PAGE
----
Four months after being announced, so-called “robotic umpires” have made their debut in baseball’s Atlantic League. The addition is one of several tweaks currently being piloted in the independent league in an attempt to update some fundamentals of America’s pastime.
The system utilizes TrackMan radar to determine whether a pitch is a ball or strike, a Doppler-based system that’s already in use at 30 Major League Baseball Stadiums and many more minor league parks. Information from the system is relayed to a human umpire via an iPhone and earpiece.
The system isn’t replacing home plate umpires entirely, and for now the human ump is required to monitor pitches as a kind of fail-safe. They can also ultimately override TrackMan’s calls. Among other things, the system isn’t set up to detect checked swings — when the batter stops a swing midway to let the ball pass.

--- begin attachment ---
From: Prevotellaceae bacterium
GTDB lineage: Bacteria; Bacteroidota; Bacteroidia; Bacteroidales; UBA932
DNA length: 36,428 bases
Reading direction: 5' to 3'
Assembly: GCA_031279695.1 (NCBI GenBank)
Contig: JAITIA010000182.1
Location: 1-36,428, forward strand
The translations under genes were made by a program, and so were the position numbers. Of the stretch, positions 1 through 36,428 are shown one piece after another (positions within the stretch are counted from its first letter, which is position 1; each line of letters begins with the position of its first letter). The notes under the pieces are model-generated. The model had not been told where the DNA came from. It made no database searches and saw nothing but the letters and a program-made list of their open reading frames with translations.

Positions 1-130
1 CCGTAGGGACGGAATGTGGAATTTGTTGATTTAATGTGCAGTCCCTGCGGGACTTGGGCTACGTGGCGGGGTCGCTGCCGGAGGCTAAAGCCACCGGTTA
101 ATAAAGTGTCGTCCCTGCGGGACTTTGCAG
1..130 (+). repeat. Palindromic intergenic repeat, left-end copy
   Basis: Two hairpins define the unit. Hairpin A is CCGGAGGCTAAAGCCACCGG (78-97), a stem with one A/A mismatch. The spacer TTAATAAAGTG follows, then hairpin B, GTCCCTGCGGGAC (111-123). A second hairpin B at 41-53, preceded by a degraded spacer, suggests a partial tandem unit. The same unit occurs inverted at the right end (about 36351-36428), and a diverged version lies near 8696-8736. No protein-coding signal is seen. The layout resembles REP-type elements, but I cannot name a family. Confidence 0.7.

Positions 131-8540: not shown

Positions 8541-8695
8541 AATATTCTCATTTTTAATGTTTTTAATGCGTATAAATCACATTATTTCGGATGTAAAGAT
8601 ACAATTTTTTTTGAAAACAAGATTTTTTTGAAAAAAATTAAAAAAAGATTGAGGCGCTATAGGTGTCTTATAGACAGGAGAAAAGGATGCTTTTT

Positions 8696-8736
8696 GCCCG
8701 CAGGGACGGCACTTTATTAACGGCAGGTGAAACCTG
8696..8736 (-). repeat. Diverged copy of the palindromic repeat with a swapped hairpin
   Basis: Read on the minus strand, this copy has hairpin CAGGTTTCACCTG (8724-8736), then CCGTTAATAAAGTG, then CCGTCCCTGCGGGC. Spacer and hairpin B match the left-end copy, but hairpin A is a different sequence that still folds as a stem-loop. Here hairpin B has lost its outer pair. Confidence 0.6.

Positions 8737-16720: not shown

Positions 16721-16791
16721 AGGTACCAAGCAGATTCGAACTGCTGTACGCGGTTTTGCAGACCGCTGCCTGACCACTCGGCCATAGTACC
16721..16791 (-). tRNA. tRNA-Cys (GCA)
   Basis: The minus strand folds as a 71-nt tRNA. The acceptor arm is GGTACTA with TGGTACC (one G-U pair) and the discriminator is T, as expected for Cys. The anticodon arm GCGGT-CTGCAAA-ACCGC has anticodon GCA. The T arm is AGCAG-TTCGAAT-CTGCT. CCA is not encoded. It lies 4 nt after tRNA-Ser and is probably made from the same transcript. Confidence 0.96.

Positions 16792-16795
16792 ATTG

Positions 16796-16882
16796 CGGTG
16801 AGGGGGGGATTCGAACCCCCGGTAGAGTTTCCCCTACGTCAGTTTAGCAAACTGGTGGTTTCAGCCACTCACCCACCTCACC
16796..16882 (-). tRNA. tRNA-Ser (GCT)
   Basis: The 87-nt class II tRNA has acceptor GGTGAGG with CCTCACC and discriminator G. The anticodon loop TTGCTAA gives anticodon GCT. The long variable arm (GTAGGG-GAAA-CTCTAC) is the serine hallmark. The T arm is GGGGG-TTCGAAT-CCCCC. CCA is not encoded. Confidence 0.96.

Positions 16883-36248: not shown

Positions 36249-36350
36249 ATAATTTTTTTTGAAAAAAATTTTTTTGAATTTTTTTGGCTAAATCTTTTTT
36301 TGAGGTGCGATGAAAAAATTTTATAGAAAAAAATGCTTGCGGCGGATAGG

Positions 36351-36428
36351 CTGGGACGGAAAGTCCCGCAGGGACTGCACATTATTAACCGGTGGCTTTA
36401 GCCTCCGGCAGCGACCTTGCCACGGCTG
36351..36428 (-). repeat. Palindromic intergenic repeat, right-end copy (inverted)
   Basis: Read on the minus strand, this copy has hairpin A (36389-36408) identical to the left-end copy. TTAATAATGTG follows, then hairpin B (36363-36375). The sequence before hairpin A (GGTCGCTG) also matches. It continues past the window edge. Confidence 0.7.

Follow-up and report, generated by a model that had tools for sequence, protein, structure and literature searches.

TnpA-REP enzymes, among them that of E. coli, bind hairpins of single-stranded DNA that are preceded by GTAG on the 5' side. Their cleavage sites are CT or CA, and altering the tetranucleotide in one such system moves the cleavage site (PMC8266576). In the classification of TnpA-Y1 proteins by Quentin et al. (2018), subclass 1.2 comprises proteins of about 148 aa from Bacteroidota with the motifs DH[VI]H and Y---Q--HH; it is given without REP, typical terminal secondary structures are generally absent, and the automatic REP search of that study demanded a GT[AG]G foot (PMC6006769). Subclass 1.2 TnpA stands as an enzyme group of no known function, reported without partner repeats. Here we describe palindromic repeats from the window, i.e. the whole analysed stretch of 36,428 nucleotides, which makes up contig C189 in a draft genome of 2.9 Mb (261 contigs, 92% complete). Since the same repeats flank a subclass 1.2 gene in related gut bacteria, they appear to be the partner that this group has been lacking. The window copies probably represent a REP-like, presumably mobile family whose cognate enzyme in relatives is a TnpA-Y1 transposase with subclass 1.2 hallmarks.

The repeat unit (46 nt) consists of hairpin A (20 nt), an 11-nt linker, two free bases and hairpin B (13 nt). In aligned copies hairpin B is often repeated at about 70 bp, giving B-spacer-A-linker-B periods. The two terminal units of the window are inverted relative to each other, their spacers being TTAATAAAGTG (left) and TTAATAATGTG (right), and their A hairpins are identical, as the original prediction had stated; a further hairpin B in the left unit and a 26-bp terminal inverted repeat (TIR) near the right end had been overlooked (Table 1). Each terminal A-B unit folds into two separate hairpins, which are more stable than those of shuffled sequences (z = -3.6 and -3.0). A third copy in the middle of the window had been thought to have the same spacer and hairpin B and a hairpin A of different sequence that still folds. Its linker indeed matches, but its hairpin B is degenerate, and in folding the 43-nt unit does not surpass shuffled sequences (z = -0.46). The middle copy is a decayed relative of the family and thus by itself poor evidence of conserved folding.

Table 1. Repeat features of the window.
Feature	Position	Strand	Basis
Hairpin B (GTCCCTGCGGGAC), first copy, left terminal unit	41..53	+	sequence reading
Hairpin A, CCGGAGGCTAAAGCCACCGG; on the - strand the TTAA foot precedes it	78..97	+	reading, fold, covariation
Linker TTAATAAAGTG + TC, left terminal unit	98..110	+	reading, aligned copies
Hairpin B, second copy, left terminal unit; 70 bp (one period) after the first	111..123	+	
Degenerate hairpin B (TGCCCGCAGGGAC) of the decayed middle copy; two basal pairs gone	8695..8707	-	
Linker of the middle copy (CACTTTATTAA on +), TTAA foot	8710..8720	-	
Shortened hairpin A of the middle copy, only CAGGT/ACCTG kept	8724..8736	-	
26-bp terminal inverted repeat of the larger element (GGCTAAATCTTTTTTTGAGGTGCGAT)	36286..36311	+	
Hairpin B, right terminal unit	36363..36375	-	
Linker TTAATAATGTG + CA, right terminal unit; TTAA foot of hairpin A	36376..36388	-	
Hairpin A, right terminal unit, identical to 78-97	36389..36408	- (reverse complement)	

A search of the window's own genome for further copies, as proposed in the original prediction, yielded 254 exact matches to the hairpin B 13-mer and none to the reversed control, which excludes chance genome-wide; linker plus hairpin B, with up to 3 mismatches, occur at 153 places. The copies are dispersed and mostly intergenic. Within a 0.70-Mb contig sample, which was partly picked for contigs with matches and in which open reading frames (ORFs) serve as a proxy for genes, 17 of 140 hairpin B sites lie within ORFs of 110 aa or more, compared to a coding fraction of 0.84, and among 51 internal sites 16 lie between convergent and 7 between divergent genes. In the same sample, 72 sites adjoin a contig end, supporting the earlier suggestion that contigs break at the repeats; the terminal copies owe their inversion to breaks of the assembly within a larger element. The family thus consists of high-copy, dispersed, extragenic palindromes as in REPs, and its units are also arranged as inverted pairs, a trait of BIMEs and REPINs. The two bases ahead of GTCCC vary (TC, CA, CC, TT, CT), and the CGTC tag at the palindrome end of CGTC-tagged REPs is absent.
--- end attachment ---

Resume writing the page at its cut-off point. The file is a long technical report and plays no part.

“Until we can trust this system 100 percent,” umpire Brian deBrauwere said, “I still have to go back there with the intention of getting a pitch correct because if the system fails, it doesn’t pick a pitch up, or if it registers a pitch that’s a foot-and-a-half off the plate as a strike, I have to be prepared to correct that.”
Robo umps are one of a number of features currently being tested in the Atlantic League, with the intention of potentially bringing them to the majors, should things go well. Other changes include adjusting the mound’s distance from home plate and a three-batter minimum for pitchers.